Previously published only in a signed, limited edition, Kafka Americana has achieved cult status. Norton now brings this reimagination of our labyrinthine world to a wider audience. In an act of literary appropriation, Lethem and Scholz seize a helpless Kafka by the lapels and thrust him into the cultural wreckage of twentieth-century America. In the collaboratively written "Receding Horizon," Hollywood welcomes Kafka as scriptwriter for Frank Capra's It's a Wonderful Life, with appropriately morbid results. Scholz's "The Amount to Carry" transports "the legal secretary of the Workman's Accident Insurance Institute" to a conference with fellow insurance executives Wallace Stevens and Charles Ives, to muse on what can and can't be insured. And Lethem's "K for Fake" brings together Orson Welles, Jerry Lewis, and Rod Serling in a kangaroo trial in which Kafka faces fraudulent charges. Taking modernism's presiding genius for a joyride, the authors portray an absurd, ominous world that Kafka might have invented but could never have survived.

(retrieved from Amazon Mon, 30 Sep 2013 13:52:29 -0400)

Previously published only in a signed, limited edition, Kafka Americana has achieved cult status. Norton now brings this reimagination of our labyrinthine world to a wider audience. In an act of literary appropriation, Lethem & Scholz seize a helpless Kafka by the lapels & thrust him into the cultural wreckage of twentieth-century America. In the collaboratively written "Receding Horizon," Hollywood welcomes Kafka as scriptwriter for Frank Capra's It's a Wonderful Life, with appropriately morbid results. Scholz's "The Amount to Carry" transports "the legal secretary of the Workman's Accident Insurance Institute" to a conference with fellow insurance executives Wallace Stevens & Charles Ives, to muse on what can & can't be insured. And Lethem's "K for Fake" brings together Orson Welles, Jerry Lewis, & Rod Serling in a kangaroo trial in which Kafka faces fraudulent charges. Taking modernism's presiding genius for a joyride, the authors portray an absurd, ominous world that Kafka might have invented but could never have survived. In an act of literary appropriation by turns witty, affectionate, and shameless, Jonathan Lethem and Carter Scholz seize a helpless Franz Kafka by the lapels and thrust him into the cultural wreckage of twentieth-century America. In the collaboratively written "Receding Horizon," Hollywood welcomes Kafka as a scriptwriter for Frank Capra's It's a Wonderful Life, with appropriately morbid results. Scholz's "The Amount to Carry" transports "the legal secretary of the Workman's Accident Insurance Institute" to a professional conference with fellow insurance executives Wallace Stevens and Charles Ives, for a night of musing on what can and can't be insured. And Lethem's "K for Fake" brings together Orson Welles, Jerry Lewis, and Rod Serling in a kangaroo trial where Kafka faces, needless to say, fraudulent charges. Taking Modernism's presiding genius for a literary joyride, the authors portray an absurd, ominous world that Kafka might have invented but could never have survived.… (more)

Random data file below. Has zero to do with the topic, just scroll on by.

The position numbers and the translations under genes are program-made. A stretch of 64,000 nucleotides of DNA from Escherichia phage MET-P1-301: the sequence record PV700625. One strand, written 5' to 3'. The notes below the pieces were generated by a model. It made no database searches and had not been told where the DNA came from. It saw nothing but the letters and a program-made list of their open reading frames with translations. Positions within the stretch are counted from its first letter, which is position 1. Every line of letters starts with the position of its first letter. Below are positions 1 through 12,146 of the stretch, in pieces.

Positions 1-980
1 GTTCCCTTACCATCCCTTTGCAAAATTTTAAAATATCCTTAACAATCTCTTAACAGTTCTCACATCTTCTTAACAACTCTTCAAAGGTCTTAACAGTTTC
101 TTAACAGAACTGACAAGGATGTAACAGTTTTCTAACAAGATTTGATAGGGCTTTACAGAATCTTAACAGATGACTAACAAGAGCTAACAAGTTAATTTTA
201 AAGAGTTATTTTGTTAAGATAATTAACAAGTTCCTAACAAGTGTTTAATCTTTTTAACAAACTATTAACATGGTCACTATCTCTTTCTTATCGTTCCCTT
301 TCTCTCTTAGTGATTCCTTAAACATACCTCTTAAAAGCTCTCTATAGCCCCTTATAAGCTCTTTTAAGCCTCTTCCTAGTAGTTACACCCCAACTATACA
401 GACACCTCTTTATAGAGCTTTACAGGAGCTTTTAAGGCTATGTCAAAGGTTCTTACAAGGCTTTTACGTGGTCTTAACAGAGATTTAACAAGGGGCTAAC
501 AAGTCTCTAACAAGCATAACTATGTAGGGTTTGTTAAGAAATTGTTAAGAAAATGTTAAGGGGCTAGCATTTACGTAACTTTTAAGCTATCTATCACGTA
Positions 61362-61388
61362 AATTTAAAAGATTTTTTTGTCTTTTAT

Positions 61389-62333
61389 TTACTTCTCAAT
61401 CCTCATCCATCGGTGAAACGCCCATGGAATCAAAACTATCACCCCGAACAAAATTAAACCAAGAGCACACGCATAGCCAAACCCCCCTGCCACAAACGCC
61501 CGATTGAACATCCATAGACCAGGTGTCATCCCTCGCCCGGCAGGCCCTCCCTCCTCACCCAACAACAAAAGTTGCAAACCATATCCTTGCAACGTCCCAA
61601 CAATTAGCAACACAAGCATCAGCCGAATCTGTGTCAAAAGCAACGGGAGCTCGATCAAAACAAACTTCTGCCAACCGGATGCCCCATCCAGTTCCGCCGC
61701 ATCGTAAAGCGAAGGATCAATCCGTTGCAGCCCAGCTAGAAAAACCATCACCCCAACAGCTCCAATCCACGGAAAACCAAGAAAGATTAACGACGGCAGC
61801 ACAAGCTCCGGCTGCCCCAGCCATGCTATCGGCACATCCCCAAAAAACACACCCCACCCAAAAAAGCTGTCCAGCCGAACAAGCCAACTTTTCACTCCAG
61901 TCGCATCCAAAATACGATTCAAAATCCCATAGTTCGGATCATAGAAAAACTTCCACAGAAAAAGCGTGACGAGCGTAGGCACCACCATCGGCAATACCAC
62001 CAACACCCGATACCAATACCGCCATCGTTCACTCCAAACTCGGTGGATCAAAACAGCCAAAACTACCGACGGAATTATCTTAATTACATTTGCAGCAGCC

Quick Links

Swap Ebooks Audio
1 avail.
19 wanted

Popular covers

Rating

Average: (3.13)
0.5
1 1
1.5
2 3
2.5 4
3 6
3.5 1
4 8
4.5 1
5

W.W. Norton

An edition of this book was published by W.W. Norton.

» Publisher information page

Is this you?

Become a LibraryThing Author.

 

Help/FAQs | About | Privacy/Terms | Blog | Contact | LibraryThing.com | APIs | WikiThing | Common Knowledge | Legacy Libraries | Early Reviewers | 91,611,815 books! | Top bar: Always visible